The camcorder, or video camera, captures moving images and sound on videotape. Camcorders targeted at the amateur user came on the market in the 1980s within a few years of the first professional models. Although camcorders were initially a luxury item, reductions in their price and size boosted ownership, particularly in their birthplace, Japan.

The camcorder’s predecessor, the motion picture (cine) camera, was never found in more than a small minority of homes. In the late nineteenth century, Thomas Alva Edison in the United States and the Lumière brothers in France pioneered the development of equipment for recording and playing moving pictures for public entertainment. Early motion picture cameras were hand-cranked, which required skill and was therefore a deterrent for amateur users. To create the illusion of continuous motion, the cameras had to capture 24 images per second, each of which was shown twice (i.e., at 48 frames per second) when the film was projected for viewing. Any change in the rate of hand-cranking would ruin the illusion.

The motorization of the motion picture camera made it more user-friendly, so cheaper models designed for amateur use were marketed in the 1920s by makers such as Kodak and Pathé. Although 8 mm motion picture film was available from 1932, 16 mm remained the standard for amateur cine cameras until the 1950s when more compact 8 mm models appeared, mainly produced by Japanese companies such as Canon. Motion picture cameras still had distinct disadvantages for leisure use. One disadvantage was the need for a projector and screen to show the films, and another was the absence of sound. Although professional motion picture film incorporating a sound track was developed in the 1920s, the equipment was not economically feasible for the amateur market.

The camcorder followed in the wake of the videocassette recorder, which gave the television set a new role as a playback device rather than just a broadcast receiver. As a sophisticated piece of technology, the camcorder was initially expensive and designed as a portable tool to meet professional broadcast standards. The conventional television camera owed much of its bulk to the size and shape of the orthicon electron tube. The first generation of camcorders contained a vidicon tube, which was much shorter and slimmer than the orthicon tube. Inside the camcorder, light entering the lens strikes the faceplate of the vidicon tube. The faceplate’s photoconductive lead-oxide coating converts light to an electric charge, which is picked up by the scanning electron beam and delivered as an output signal to the video recording head. The video track is recorded diagonally across magnetic tape, whereas the sound track, recorded simultaneously through a microphone, is placed along one edge. A small screen allows the user to preview shots and to play back the recording.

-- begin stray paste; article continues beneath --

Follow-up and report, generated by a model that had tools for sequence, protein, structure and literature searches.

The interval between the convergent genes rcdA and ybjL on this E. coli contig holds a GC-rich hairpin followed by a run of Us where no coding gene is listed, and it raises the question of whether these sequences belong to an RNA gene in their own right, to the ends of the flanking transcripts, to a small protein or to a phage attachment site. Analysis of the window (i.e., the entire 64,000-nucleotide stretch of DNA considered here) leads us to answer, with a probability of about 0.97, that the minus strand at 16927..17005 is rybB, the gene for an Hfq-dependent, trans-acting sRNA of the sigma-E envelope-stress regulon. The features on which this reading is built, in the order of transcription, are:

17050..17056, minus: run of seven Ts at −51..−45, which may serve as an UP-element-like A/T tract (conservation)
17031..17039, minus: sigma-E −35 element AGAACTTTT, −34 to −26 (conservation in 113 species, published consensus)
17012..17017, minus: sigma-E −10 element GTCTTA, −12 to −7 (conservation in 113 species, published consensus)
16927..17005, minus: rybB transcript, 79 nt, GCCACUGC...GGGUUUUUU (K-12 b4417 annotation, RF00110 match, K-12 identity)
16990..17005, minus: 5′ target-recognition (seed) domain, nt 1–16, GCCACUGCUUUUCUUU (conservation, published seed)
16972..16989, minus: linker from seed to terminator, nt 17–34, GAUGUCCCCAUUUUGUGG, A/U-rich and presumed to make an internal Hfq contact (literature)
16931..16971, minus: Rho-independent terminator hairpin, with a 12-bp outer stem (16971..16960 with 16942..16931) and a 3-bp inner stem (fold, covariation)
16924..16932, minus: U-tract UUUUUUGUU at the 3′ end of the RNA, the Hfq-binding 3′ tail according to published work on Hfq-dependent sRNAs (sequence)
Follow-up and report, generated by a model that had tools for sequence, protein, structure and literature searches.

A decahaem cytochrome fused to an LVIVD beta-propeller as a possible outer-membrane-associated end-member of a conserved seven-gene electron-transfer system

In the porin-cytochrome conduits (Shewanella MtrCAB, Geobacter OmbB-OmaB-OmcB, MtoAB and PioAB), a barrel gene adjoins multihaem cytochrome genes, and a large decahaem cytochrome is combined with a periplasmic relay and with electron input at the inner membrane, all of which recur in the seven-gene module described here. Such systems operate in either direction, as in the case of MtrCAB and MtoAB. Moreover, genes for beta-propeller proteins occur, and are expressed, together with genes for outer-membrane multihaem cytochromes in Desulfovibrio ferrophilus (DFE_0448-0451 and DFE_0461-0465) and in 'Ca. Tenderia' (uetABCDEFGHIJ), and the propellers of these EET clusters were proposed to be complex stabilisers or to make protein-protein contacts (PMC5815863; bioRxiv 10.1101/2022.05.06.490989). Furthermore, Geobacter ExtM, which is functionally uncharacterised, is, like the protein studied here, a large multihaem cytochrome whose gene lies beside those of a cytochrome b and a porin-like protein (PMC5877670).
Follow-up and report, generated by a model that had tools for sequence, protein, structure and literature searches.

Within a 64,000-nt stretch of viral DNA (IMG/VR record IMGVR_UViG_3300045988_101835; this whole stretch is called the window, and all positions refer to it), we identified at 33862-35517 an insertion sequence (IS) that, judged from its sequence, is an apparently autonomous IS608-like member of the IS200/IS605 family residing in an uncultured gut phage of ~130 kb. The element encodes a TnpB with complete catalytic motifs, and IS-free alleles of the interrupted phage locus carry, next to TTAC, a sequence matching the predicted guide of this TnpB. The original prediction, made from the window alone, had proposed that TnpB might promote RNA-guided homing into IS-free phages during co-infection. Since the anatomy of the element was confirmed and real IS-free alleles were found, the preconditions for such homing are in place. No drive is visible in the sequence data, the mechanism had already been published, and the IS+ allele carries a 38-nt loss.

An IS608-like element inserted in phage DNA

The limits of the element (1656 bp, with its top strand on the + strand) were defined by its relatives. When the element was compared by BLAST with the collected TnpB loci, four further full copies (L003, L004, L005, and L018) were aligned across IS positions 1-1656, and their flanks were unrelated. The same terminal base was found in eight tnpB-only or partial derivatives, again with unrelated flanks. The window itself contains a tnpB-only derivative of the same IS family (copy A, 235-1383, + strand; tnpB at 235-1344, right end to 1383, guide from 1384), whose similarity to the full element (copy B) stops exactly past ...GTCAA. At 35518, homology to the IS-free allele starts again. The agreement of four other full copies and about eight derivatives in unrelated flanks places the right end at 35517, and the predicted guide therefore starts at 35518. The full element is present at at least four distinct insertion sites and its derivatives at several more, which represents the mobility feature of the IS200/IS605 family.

As Japanese companies had become dominant in the motion-picture-camera market in the 1950s, predictably they have also dominated camcorder production. In 1982, Sony released the Betacam professional camcorder, which used half-inch tape. Sony recognized that the Betacam format, which had already been overtaken by VHS in the videocassette recorder market, was too large to be successful for consumer camcorders. In 1982, a group of electronics manufacturers, including Sony and the Dutch company Philips, agreed to work on developing a standard miniature format, Video8, based on an 8-mm tape cassette. The Japanese company JVC (Japanese Victor Company), developer of the VHS format, soon pulled out of the Video8 consortium to concentrate on a compact version of VHS. In 1984, JVC launched the world’s first compact VHS camcorder, the GR-C1. The CompactVHS cassette (VHS-C) had a running time of one hour and was only a third of the size of a standard VHS cassette, but could be placed in a special adaptor shell for playback on VHS videocassette recorders. The Video8 specification was agreed in 1983, and the first Video8 camcorders appeared in 1985. In the United States, Kodak launched the KodaVision 8 mm camcorder, which was manufactured for Kodak by Panasonic, a subsidiary of the Japanese company Matsushita. Sony’s Handycam solid-state camcorder was more compact, weighing only 1 kg (2.2 lb), and the running time of the 8 mm cassettes was ninety minutes. In the case of camcorders, absolute standardization of tape format proved to be less critical than it had been in the case of videocassette recorders, largely because there was no prerecording issue and no need to use a videocassette recorder for playback.

Camcorders had far greater inherent consumer appeal than motion picture cameras, partly because of the convenience of playback via the television set. Other advantages were that videotape entails no external processing costs and is reusable. Recordings can be viewed immediately and then shot again if the results are not satisfactory. Since the mid-1980s, camcorders have evolved rapidly. In 1989, Sony brought out Hi8, a higher resolution 8 mm tape. The replacement of the vidicon tube with solid-state imaging devices not only reduced the size and weight of camcorders, but also improved the video quality and reduced power consumption. There are two types of solid-state video pickups—the metal-oxide semiconductor (MOS) and the more popular charge-coupled device (CCD). Both consist of an array of tiny photodiodes that convert light to electrical energy, but CCDs employ a scanning method that produces a higher output signal. The CCD was invented at American Telephone and Telegraph’s Bell Laboratories in 1969 by George Smith and Willard Boyce. It was first used in Sony’s Handycam camcorder.